South Korea's ousted president Park Geun Hye has attended a court hearing to argue against the prosecution's request to arrest her on multiple charges in connection with the corruption and influence-peddling scandal that brought her downfall.
Ms Park, 65, arrived at the Seoul Central District Court yesterday morning but ignored questions from the media. Judge Kang Bu Yeong presided over the hearing, which lasted almost nine hours. Results were expected late last night or early this morning.
State prosecutors have accused Ms Park of colluding with her confidante Choi Soon Sil to extort a total of 77.4 billion won (S$97 million) from major conglomerates, under the guise of donations to two foundations started by Choi, and of abusing her authority to allow Choi to meddle in state affairs.
The prosecution sought an arrest warrant on Monday, citing the severity of the case and the possibility that Ms Park - the country's first female president and also the first to be impeached - may try to destroy evidence.
Experts said the court will most likely issue the arrest warrant but require Ms Park to stand trial only after the May 9 presidential election, to minimise impact on voter sentiment.
Seoul National University law professor Lee Jae Min said the issue of an arrest warrant alone could evoke sympathy in conservative supporters who still have a soft spot for the daughter of the late leader Park Chung Hee, and prompt them to vote for a conservative candidate.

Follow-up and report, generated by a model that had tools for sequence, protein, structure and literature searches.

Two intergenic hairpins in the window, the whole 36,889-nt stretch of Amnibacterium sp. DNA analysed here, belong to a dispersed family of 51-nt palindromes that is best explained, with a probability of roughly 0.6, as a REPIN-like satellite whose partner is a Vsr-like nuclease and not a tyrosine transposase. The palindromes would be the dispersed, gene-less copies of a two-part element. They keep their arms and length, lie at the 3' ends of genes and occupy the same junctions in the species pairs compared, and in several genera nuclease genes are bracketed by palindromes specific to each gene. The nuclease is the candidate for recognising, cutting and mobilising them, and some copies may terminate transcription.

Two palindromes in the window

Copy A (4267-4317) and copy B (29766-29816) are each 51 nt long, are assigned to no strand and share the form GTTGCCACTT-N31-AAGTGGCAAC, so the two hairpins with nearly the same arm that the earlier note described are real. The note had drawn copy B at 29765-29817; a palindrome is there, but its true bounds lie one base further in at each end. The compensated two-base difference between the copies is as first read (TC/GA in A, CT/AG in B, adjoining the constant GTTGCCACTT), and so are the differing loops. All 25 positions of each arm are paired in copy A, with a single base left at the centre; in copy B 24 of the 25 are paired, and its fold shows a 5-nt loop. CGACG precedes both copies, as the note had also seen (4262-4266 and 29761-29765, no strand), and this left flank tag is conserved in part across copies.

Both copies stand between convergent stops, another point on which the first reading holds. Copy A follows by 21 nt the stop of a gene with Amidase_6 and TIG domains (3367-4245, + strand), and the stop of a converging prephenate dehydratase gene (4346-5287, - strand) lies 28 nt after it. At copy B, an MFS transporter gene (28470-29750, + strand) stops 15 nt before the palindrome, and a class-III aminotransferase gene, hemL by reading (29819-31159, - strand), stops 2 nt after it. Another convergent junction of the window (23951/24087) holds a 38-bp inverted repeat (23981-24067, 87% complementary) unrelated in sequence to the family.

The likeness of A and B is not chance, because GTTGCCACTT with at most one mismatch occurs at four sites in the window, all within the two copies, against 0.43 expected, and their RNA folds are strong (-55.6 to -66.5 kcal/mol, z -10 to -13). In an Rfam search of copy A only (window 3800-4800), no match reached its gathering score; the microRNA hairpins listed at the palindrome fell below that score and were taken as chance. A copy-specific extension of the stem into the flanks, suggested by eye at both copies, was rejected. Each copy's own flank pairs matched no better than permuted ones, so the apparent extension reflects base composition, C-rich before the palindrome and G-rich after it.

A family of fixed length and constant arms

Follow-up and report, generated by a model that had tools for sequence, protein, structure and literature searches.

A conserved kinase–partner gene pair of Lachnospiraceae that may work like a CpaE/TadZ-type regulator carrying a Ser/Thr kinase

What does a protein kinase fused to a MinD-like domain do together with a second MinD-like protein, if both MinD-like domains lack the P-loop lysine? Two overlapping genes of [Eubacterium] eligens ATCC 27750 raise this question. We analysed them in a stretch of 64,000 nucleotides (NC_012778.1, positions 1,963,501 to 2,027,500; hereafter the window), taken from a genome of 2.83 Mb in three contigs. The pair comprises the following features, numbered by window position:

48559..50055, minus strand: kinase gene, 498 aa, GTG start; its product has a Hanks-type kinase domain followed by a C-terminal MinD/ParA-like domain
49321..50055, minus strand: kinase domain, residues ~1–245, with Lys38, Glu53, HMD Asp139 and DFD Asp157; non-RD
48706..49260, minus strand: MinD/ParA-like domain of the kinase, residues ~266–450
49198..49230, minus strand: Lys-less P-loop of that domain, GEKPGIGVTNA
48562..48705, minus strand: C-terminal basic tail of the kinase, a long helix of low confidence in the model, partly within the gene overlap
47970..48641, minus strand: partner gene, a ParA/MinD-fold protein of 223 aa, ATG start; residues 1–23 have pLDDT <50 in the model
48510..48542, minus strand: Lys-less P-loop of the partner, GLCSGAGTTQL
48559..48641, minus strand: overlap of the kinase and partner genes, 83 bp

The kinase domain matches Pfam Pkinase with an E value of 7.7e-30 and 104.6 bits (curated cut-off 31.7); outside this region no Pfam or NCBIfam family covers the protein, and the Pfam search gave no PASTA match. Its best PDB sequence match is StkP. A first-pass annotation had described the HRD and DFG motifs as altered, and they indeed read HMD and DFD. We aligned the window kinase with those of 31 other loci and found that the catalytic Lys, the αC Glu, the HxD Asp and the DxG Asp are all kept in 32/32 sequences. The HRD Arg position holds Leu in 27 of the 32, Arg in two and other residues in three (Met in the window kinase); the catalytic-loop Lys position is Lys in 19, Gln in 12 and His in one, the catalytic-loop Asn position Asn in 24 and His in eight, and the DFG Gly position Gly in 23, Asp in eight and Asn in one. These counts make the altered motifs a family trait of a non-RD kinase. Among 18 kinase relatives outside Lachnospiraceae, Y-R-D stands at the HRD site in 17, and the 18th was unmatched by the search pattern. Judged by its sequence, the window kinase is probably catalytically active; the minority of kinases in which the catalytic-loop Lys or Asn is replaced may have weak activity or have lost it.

"If things remain quiet, people will probably vote for a neutral or liberal candidate. But if the situation goes to extremes, such as arrest or imprisonment of the former president, it may ignite an emotional reaction from the conservative group," said Prof Lee.
About 80 lawmakers from the ruling Liberty Korea Party, of which Ms Park is still a member, signed a petition on Wednesday to urge the court to reject the arrest warrant. The opposition camp, however, has demanded fairness in investigations, arguing that others involved in the case - including Choi and Samsung heir Lee Jae Yong, who is accused of giving bribes to Choi in return for business favours - have already been arrested and indicted.
Lawmaker Koh Yong Jin, from the main opposition Democratic Party, told reporters: "I hope the court will make a fair decision to show that the rule of law persists in this land."
After the hearing ended, Ms Park proceeded to the prosecutor's office nearby to wait for the court's decision. If an arrest warrant is issued, she will be moved to a detention centre south of Seoul, where Choi and Lee are being held.
If convicted of receiving bribes from big conglomerates in return for favours, Ms Park could face more than 10 years in jail.